John Luther Adams
In the Name of the Earth – to a text by the composer [European premiere]
BBC Symphony Chorus; Crouch End Festival Chorus; Hackney Empire Community Choir; London International Gospel Choir; London Philharmonic Choir; London Symphony Chorus; LSO Community Choir; Victoria Park Singers conducted by Naveen Arles, Neville Creed, Neil Ferris, Simon Halsey, David Lawrence, Laurel Neighbour, Joseph Roberts & David Temple
Karen Gillingham – Movement Director
Reviewed by: Nick Breckenfield
Reviewed: 8 September, 2019
Venue: Royal Albert Hall, London
Move over Stockhausen! Easily overshadowing Gruppen’s three orchestras at different locations, this morning Prom brought together eight London choirs, spacing them in four groups about the Royal Albert Hall at various levels before merging six of them in a flow of humanity on the stage. There was a single work, one-billion, seven-hundred-thousand years in the making: John Luther Adams’s In the Name of the Earth.
Conceived for Central Park as part of last year’s Mostly Mozart festival in New York, though because of rain relocated to the Cathedral of St John the Divine, In the Name of the Earth celebrates the continent of North America by the intoning of the names – in various languages including English and Spanish as well as indigenous ones – of mountains, rivers, geographical features and – at the end – a roll-back of specific geological sediments, from Kaibab Limestone to Ancient Mountains and the sombre repetition of oceans.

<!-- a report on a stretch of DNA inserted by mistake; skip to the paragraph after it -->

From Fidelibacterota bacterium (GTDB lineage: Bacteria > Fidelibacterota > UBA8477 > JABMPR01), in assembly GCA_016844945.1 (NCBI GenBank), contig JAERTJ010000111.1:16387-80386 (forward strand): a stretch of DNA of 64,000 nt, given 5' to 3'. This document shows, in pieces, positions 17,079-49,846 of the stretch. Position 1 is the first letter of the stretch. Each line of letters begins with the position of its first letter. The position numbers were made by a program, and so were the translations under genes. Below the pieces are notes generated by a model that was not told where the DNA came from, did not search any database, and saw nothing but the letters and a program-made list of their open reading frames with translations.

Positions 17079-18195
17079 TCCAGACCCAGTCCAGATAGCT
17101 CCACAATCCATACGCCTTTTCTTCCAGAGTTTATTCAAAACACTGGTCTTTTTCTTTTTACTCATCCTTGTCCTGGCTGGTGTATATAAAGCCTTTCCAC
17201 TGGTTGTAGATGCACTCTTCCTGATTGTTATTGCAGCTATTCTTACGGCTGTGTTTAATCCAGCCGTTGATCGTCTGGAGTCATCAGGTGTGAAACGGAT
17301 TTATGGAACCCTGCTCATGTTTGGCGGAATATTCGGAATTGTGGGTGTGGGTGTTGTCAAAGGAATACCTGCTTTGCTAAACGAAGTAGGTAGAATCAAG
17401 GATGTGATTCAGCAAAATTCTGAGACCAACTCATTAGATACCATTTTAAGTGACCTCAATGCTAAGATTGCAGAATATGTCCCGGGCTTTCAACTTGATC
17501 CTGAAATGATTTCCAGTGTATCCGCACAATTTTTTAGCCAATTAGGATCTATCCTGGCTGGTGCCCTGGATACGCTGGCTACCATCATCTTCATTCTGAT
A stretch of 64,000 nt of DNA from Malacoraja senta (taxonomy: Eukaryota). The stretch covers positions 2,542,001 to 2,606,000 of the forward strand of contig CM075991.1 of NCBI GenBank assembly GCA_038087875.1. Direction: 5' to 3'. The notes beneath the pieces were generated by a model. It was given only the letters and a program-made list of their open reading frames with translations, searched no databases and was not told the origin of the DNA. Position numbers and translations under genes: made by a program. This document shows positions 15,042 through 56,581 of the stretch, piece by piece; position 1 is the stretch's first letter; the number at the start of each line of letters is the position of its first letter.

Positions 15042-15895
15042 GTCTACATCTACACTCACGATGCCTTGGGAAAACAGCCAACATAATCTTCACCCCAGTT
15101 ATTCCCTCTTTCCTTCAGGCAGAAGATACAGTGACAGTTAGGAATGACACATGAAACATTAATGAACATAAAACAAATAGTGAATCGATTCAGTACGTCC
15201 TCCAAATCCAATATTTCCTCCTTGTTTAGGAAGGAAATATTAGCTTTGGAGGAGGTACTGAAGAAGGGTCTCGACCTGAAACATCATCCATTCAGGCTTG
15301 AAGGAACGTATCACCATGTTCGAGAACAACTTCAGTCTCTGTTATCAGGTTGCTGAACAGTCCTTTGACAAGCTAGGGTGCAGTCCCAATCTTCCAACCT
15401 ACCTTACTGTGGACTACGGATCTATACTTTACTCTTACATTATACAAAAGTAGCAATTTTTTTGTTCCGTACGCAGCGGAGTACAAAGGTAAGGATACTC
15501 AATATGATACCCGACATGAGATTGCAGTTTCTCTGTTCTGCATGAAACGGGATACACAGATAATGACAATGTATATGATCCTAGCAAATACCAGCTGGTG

The choirs are divided into four compass points and each sing of the landscape in those areas. Masterminded by Simon Halsey (who had directed the premiere in New York), his London Symphony Chorus, with the LSO’s Community Choir, conducted by David Lawrence, were in Choir West, though singing (confusingly) East. Sitting in the stalls east both the Crouch End Festival Chorus, conducted by David Temple and Victoria Park Singers, conducted by Laurel Neighbour, sang North. The London Philharmonic Choir, conducted by Neville Creed and London International Gospel Choir, conducted by Naveen Arles, were standing in the back of the Arena and sang South; while – in the Gallery East – the BBC Symphony Chorus, conducted by Neil Ferris andHackney Empire Community Choir, conducted by Joseph Roberts, sang West.
Each chorus member was not just a singer but also a percussionist. From their BBC Proms shoulder bags they revealed a rattler (home-made, from any receptacle – yoghurt pot, jam jar, coffee cup, filled with beads or some such), a mortar and pestle to scrape and a small bell. From a subterranean low hum with a wind-like hissing (accompanied with a rising and lowering of scores to create a slow wave effect), the various words and sounds intermingled in a 360-degree wash, with the easiest way to follow being the specific names shouted rather than sung of groups of four or five features, ending in West’s litany of receding geological strata.
For half-an-hour the overlapping musical structure hardly changes, but then, with South and East suddenly ringing their bells there is a seismic move as the singers vacate their allotted spaces and slowly move onto the previously empty platform. Only West – in the Gallery – did not coalesce onto the stage, but its collective voice had the most extended shouts of geological periods as the others moved.
At the end (as briefly rehearsed by Halsey before the concert started) the audience was invited to sing the refrain Arctic Ocean four times, while the choirs intoned the other two North American oceans – Atlantic and Pacific. At a slow tempo there was a natural sense of breathing in the repeated mantra, ending an intriguing hypnotic forty-five-minute musical eulogy to the natural world which we take for granted so much that we seemingly can’t help destroying it.
It was a Prom to make you think about wider issues.